Harmonious colours, conversely, make the skin’s colours appear to flow into each more smoothly, and appear as a cohesive (though not completely uniform) whole. This is partly why wearing your own colours can make you look younger.
That’s what foundation is supposed to do, too.
You may find that wearing your own colours evens out your skin enough that foundation is unnecessary, or you may prefer the extra effect that foundation will give you.
If you do choose to wear foundation, keep in mind that skin without any variation doesn’t look natural or healthy, and that’s why full-coverage foundations usually look mask-like. Sheer to medium-coverage is a better option for most people.
Foundation is not intended to cover blemishes — that’s what concealer is for.
Where to Test Foundation
Match foundation in an area of skin without excessive redness, pigmentation or blemishes, that is most similar to the skin that will be visible.
I admit, there is a bit of an art to this, but I’ll talk you through it.
Avoiding redness usually means avoiding the nose and chin, and frequently cheeks. The side of the jaw is often a good place to test.
If you have distinct areas of pigmentation, common in darker skins, choose an area that overlaps each, to find a colour that splits the difference. The cheek is sometimes best in this case.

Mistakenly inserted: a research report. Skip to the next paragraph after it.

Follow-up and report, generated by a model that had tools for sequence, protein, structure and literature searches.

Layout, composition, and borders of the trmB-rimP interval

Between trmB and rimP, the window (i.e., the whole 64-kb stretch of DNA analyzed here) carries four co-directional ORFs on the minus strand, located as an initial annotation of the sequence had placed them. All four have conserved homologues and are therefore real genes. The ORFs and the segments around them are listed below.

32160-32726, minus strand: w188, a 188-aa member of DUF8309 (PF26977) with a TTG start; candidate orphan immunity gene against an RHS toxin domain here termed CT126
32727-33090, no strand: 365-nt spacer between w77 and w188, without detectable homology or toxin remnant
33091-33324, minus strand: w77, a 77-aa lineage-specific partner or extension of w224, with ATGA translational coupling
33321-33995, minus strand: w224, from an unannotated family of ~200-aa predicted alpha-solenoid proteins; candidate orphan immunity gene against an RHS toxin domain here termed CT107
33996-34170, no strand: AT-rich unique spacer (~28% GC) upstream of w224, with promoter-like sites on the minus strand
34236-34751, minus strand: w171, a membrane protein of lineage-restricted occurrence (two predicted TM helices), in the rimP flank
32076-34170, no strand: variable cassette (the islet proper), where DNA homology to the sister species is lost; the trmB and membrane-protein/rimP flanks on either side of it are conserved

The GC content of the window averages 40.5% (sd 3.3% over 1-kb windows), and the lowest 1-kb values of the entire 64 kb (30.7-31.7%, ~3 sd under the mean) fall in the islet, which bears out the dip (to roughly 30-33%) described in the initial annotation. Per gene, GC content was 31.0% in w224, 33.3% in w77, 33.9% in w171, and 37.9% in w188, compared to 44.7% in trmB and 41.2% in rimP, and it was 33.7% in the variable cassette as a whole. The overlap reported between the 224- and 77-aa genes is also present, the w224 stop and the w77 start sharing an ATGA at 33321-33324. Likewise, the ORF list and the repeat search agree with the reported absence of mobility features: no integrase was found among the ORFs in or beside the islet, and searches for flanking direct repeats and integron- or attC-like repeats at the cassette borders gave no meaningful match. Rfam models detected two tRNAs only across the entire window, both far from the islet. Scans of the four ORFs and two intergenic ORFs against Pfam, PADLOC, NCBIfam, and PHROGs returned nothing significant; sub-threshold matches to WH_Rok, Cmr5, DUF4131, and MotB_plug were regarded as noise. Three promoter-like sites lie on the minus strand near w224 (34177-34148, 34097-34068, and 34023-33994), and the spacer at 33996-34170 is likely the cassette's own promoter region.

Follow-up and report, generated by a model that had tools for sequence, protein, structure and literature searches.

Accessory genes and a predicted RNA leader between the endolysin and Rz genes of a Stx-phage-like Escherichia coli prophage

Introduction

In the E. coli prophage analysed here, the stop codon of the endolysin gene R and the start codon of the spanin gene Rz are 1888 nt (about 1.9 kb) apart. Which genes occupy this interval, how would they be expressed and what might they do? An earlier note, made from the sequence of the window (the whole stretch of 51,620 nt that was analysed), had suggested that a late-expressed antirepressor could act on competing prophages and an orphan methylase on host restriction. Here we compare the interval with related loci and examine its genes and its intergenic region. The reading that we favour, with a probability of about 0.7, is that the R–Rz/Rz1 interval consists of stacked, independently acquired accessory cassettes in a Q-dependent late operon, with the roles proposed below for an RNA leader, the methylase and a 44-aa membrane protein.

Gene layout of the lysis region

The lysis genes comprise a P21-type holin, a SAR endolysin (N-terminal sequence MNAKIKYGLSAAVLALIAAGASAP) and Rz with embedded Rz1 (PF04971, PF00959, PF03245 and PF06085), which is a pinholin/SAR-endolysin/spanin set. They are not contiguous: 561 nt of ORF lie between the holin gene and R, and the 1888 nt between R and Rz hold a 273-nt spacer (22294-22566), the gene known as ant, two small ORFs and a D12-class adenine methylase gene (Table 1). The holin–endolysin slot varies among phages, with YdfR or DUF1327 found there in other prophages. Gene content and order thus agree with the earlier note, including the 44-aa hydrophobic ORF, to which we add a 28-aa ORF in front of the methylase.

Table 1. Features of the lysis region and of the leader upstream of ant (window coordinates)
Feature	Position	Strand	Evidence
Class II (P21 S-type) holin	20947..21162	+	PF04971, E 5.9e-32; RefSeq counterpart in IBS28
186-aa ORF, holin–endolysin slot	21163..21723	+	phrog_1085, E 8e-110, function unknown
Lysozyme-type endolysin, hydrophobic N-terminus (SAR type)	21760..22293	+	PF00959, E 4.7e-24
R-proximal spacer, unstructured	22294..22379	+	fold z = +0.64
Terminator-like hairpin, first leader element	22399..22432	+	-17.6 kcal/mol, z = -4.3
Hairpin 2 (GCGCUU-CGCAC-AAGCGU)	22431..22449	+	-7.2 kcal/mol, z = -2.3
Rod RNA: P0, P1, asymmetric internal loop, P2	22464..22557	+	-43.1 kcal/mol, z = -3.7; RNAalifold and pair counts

If you’re matching in summer, when you have more skin showing, look for a place that is representative of the colour of your body, since you’ll want your face and body to look similar. If you don’t have a lot of redness on the chest that can be a great place to test, and is especially easy to see in a mirror.
In winter, consider again how much skin you’ll be showing. If you usually only show your face and neck, you could match on the side of the neck, so that the foundation will blend into the neck effortlessly. Sometimes the neck works, sometimes it’s too pale relative to your face, and a foundation that matches it will make you look ghostly.
(You may need a different foundation shade in winter and summer. As you transition from one to another, you can mix the foundations together to get the perfect shade.)